ECONOMYNEXT – Sri Lanka’s central bank said there appeared to be no significant volumes of sovereign bonds due in 2022 for sale by holders to start a buy-back program, though there were quotes at steeply discounted prices reported on trading systems.
Central Bank Governor Nivard Cabraal said last week that Sri Lanka was prepared to buy back bonds at the discounted prices quoted.
The central bank had discussed a bond buy back program on ISBs due in January and July 2022 with lead managers and international banks.
But in September “based on market information, it was observed that there was no tangible interest from the bond holders to sell the January 2022 ISB maturities at the discounted price that prevailed during the latter part of September 2021, thereby indicating that buying back a significant volume in order to enjoy a reasonable cost benefit to the issuer would not be possible,” the central bank said.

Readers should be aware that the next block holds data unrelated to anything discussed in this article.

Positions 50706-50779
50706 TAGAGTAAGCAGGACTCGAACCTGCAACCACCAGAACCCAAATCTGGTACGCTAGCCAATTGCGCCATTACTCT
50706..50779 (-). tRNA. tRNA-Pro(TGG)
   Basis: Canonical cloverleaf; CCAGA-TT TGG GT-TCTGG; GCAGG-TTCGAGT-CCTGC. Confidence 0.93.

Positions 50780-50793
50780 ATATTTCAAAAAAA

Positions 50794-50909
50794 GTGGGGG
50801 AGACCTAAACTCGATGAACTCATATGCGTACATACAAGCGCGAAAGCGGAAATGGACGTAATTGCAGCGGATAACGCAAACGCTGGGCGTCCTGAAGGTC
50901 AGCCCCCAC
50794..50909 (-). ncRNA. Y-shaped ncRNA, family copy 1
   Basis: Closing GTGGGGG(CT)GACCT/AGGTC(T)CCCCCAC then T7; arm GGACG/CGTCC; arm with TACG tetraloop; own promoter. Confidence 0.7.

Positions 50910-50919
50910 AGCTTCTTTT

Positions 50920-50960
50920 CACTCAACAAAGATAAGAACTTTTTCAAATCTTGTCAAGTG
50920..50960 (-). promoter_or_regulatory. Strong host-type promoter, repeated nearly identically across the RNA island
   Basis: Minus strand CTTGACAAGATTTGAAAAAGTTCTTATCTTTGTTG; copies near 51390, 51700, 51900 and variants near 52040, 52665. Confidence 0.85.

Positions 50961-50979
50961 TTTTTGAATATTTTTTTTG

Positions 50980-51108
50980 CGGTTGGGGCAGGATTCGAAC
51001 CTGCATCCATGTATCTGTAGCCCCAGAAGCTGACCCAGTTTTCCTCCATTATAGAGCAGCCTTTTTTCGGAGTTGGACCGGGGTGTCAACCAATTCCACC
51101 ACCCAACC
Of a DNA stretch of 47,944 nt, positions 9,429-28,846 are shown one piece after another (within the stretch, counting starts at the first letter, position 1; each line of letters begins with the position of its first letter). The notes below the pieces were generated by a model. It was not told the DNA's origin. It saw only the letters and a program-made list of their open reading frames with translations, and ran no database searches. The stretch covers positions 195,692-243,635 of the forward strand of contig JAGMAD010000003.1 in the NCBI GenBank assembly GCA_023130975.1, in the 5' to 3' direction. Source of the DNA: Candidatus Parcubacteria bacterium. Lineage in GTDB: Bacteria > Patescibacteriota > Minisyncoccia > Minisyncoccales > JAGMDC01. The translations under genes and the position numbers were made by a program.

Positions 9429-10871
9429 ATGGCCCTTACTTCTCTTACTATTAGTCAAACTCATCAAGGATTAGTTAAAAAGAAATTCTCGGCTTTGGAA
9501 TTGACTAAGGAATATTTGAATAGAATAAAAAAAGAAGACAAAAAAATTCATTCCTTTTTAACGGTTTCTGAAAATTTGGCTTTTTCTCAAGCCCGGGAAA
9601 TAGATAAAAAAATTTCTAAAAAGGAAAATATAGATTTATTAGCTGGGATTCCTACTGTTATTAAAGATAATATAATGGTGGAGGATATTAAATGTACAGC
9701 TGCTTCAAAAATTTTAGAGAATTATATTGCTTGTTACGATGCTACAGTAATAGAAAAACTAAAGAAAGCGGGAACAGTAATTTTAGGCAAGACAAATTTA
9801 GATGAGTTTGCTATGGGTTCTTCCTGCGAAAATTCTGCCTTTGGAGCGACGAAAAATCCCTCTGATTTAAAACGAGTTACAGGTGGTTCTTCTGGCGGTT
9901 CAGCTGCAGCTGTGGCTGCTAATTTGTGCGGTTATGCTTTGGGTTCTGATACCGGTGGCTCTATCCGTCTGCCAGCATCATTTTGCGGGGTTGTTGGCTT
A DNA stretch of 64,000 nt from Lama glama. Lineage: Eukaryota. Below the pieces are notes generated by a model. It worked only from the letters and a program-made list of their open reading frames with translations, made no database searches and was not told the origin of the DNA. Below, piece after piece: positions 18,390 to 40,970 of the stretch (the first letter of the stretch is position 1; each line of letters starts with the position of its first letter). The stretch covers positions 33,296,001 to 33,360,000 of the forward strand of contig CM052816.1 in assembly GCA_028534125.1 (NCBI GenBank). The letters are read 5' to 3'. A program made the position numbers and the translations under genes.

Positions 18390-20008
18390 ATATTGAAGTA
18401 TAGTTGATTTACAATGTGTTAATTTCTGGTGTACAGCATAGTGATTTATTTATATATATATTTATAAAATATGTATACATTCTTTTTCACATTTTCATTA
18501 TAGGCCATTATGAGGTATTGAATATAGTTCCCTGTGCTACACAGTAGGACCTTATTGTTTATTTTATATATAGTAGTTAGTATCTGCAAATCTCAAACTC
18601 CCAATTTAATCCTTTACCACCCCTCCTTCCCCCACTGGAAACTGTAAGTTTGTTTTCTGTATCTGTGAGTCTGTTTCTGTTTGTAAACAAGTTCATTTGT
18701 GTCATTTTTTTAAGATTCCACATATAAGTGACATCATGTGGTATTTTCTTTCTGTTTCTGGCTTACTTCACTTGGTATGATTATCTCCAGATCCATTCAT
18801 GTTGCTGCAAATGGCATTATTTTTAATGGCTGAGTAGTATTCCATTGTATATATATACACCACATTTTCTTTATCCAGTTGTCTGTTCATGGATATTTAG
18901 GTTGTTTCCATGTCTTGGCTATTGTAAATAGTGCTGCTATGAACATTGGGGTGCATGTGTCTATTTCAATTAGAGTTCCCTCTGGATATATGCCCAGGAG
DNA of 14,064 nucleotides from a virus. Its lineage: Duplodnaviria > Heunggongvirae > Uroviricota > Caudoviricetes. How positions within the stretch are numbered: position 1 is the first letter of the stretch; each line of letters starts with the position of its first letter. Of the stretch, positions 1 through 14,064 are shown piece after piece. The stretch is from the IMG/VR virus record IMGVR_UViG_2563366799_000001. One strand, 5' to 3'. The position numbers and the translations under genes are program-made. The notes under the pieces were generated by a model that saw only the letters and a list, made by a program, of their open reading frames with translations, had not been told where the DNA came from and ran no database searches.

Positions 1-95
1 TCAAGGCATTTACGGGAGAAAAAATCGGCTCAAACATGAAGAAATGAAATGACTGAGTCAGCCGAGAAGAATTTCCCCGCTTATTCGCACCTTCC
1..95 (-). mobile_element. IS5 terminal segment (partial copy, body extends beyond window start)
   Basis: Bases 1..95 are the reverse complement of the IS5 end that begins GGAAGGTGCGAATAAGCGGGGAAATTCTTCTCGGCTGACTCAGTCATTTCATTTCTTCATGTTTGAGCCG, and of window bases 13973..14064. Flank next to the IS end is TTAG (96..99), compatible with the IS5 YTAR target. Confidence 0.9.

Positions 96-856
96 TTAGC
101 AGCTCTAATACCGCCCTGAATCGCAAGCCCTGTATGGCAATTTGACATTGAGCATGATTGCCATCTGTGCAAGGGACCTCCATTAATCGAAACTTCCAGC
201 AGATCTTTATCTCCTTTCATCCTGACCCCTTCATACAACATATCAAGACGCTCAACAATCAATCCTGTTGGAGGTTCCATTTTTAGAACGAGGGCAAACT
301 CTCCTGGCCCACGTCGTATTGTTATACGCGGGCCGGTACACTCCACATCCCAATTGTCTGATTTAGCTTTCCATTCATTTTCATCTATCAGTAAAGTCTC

“The inquiries also revealed that not even 5 per cent of the outstanding January 2022 ISB maturity was available for sale at the discounted prices that were quoted.”
Unlike some Latin America countries which default regularly Sri Lanka is trying hard not to default on bonds and maintain its record.
The Central Bank said it made the following observations on the attempted buy-back initiatives
• The volume of ISBs that would be sold by ISB investors at the discounted prices that prevailed towards the latter part of September 2021, is highly insignificant. Hence, any attempt by the issuer to buy the very small volume available will not be fair by the large number of ISB holders who wish to hold the ISBs to maturity.
• It is clear that the large majority of ISB holders are not ready to part with the above GOSL ISBs unless prices are at par or closer to par. Hence, a buy-back initiative will also not result in any significant price or coupon benefit to the issuer.
• The above mentioned investor behaviour signifies the continuing confidence of the ISB holders regarding the ability of the issuer (GOSL) to honour its obligations and maintain its unblemished record of debt servicing. Therefore, the concerns raised by certain quarters regarding a possible vulnerability in 2022 are clearly not reflected by this investor sentiment.
• The continuing investor preference seems to be to hold the above GOSL ISBs. Hence, the Central Bank’s initiative to proceed with a buy-back of the 2022 ISBs will not yield a successful outcome, given the appetite of ISB holders to hold the GOSL ISBs.